Control number provided by MSRB; reported by dealer when cancelling or changing trade report.  Omit from first report of trade.

 

C

 

1

 

A

 

Cancel/Amend Code

Indicates whether trade is being first reported, cancelled, changed or verified.

 

D,C

 

20

 

A/N

 

Dealer Transaction Control Number

Control number provided by dealer.

* C: Applicable to customer trades.  D:  Applicable to inter-dealer trades


[1]  See, e.g., letter from Robert H. Drysdale, Chairman, MSRB, to Arthur Levitt, Chairman, Securities and Exchange Commission, dated November 3, 1994, and “Public Reporting of Historical Information on Transactions in Municipal Securities:  Rule G-14,” MSRB Reports, Vol. 20, No. 2 (November 2000) at 36.

[2] Comments received by the MSRB in 1999, while supportive of improved price transparency, noted concern that dissemination of transaction prices in real time might impair liquidity, particularly for institutional investors.  It was stated that an investor seeking to sell a large position in a security might fail to maximize its proceeds if the first piece sold were publicly reported and if that report were to set a maximum market price for the balance of the position.  The MSRB will consider this matter carefully in formulating dissemination criteria.  

[3]  See “Board to Proceed with Pilot Program to Disseminate Inter-Dealer Transaction Information,” MSRB Reports, Vol. 14, No. 1 (January 1994) at 13-16.

[4] The MSRB publishes information on each trade in the municipal securities market, including par value, time of trade, dollar price and yield.  Trades in “frequently traded” issues are disclosed on T+1 by approximately 6:00 a.m. via an FTP subscription service.  (“Frequently traded” issues currently are defined as those trading four or more times on a given day.)  An additional service provides a monthly CD ROM with information on all transactions, including infrequently traded issues.  The daily service is free and a yearly subscription to the CD ROM service is $2,000.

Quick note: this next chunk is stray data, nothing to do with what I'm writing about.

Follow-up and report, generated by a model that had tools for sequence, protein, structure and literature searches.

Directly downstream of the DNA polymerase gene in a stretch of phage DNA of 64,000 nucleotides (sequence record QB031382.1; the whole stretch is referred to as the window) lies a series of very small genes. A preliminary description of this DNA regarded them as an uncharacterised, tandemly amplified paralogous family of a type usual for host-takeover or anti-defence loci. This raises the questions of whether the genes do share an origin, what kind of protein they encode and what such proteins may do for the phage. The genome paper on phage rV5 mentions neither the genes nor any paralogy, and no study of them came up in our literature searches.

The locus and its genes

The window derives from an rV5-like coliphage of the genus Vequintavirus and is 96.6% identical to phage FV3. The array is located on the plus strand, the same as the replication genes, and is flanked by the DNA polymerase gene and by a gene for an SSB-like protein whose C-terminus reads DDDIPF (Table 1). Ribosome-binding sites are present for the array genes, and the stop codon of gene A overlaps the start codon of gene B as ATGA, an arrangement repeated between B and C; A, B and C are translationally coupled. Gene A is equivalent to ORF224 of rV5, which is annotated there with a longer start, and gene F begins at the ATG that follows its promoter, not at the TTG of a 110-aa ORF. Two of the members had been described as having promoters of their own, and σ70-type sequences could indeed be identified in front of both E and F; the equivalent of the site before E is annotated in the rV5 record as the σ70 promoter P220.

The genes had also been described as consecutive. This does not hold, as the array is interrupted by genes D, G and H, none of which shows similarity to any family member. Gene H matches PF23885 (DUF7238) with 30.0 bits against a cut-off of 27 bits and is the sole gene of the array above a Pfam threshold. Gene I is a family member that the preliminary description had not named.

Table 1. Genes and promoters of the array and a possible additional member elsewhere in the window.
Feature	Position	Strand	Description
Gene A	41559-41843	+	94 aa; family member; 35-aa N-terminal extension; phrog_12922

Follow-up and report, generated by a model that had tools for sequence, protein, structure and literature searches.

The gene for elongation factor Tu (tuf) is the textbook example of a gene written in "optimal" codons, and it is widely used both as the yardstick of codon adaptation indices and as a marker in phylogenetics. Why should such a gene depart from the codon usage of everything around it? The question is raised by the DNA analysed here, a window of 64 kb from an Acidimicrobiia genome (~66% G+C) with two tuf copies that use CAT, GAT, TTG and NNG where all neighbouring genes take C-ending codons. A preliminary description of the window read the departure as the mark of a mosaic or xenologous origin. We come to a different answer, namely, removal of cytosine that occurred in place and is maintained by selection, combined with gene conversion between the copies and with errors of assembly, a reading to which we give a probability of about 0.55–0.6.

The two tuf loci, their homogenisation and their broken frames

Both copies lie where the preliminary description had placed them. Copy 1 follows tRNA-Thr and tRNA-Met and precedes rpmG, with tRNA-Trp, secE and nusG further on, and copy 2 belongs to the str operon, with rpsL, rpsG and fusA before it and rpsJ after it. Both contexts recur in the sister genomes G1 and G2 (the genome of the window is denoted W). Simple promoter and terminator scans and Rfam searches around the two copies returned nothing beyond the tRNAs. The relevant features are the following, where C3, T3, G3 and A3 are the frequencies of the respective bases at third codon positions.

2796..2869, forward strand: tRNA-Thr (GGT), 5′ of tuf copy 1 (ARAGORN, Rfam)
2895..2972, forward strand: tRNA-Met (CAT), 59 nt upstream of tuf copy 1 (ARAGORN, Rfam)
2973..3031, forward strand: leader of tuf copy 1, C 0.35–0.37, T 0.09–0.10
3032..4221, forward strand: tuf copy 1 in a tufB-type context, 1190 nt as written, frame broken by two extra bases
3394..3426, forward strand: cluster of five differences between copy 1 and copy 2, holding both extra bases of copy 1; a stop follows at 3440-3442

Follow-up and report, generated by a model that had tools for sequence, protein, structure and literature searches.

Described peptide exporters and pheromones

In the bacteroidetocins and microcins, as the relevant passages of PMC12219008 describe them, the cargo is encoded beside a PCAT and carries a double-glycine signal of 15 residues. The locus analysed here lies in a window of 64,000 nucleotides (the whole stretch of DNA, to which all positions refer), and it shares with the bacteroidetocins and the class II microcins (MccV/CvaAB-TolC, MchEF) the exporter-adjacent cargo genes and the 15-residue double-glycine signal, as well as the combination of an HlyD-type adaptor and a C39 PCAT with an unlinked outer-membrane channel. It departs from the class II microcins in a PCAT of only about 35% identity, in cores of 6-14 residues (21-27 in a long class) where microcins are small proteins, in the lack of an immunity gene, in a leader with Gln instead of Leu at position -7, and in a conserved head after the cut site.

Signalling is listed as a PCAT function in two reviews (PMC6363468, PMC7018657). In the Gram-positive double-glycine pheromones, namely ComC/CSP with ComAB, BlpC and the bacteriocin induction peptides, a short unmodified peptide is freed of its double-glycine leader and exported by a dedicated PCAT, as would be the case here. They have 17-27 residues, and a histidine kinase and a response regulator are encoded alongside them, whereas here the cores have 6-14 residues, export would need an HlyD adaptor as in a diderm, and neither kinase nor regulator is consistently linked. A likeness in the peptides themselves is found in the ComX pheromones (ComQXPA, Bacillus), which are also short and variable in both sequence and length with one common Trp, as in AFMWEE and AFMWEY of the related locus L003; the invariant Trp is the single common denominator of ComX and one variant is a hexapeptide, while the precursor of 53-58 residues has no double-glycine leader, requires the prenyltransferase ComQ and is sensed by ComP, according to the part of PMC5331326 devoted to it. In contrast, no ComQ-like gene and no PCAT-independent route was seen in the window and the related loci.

[5]  See Arthur Levitt, “Office of the Chairman:  Letter to Industry, Regarding T+1” (February 16, 2001) at www.sec.gov/rules/other/levltrt1.htm.

[6]  See letter from Noland Cheng, Fixed Income Transparency Subcommittee of SIA’s Operations Committee, to Jonathan Katz, Secretary, SEC, dated December 21, 2000 (regarding File No. SR-NASD-99-65).

[7]  See “T+1 Streetside Fixed Income Matching Working Group White Paper,” Version V1.3 (September 20, 2000).  This Working Group is sponsored by the SIA and The Bond Market Association and includes representatives of dealers, clearing entities and regulators. 

[8] Message queuing is a data communications protocol first introduced by IBM and now available for IBM, Microsoft, Sun and many other computer environments.  GSCC has implemented message queuing with its members in its real-time comparison system for government securities and is now developing such a system for mortgage-based securities.  See Government Securities Clearing Corporation, “Interactive Messaging and Real-Time Comparison,” New Service Bulletin dated December 6, 1999, and “Real-time Trade Matching (RTTM) Service Enhancements,” New Service Bulletin dated August 9, 2000.

[9] SWIFT is the Society for Worldwide Interbank Financial Telecommunication.  ISO 15022 is the International Organization for Standardization scheme for securities messages.  The SWIFT/ISO standard defines messages composed of sequences of data tags and data fields.

[10] A Qualified Service Representative is a party, authorized by NSCC and by the NSCC members on both sides of a trade executed on an Alternative Trading System, that submits “locked-in” trades on behalf of the NSCC members.  The QSR matches “locked-in” trades before submitting them.  See MSRB Notice Concerning Locked-In Transactions (March 1, 2001) at www.msrb.org.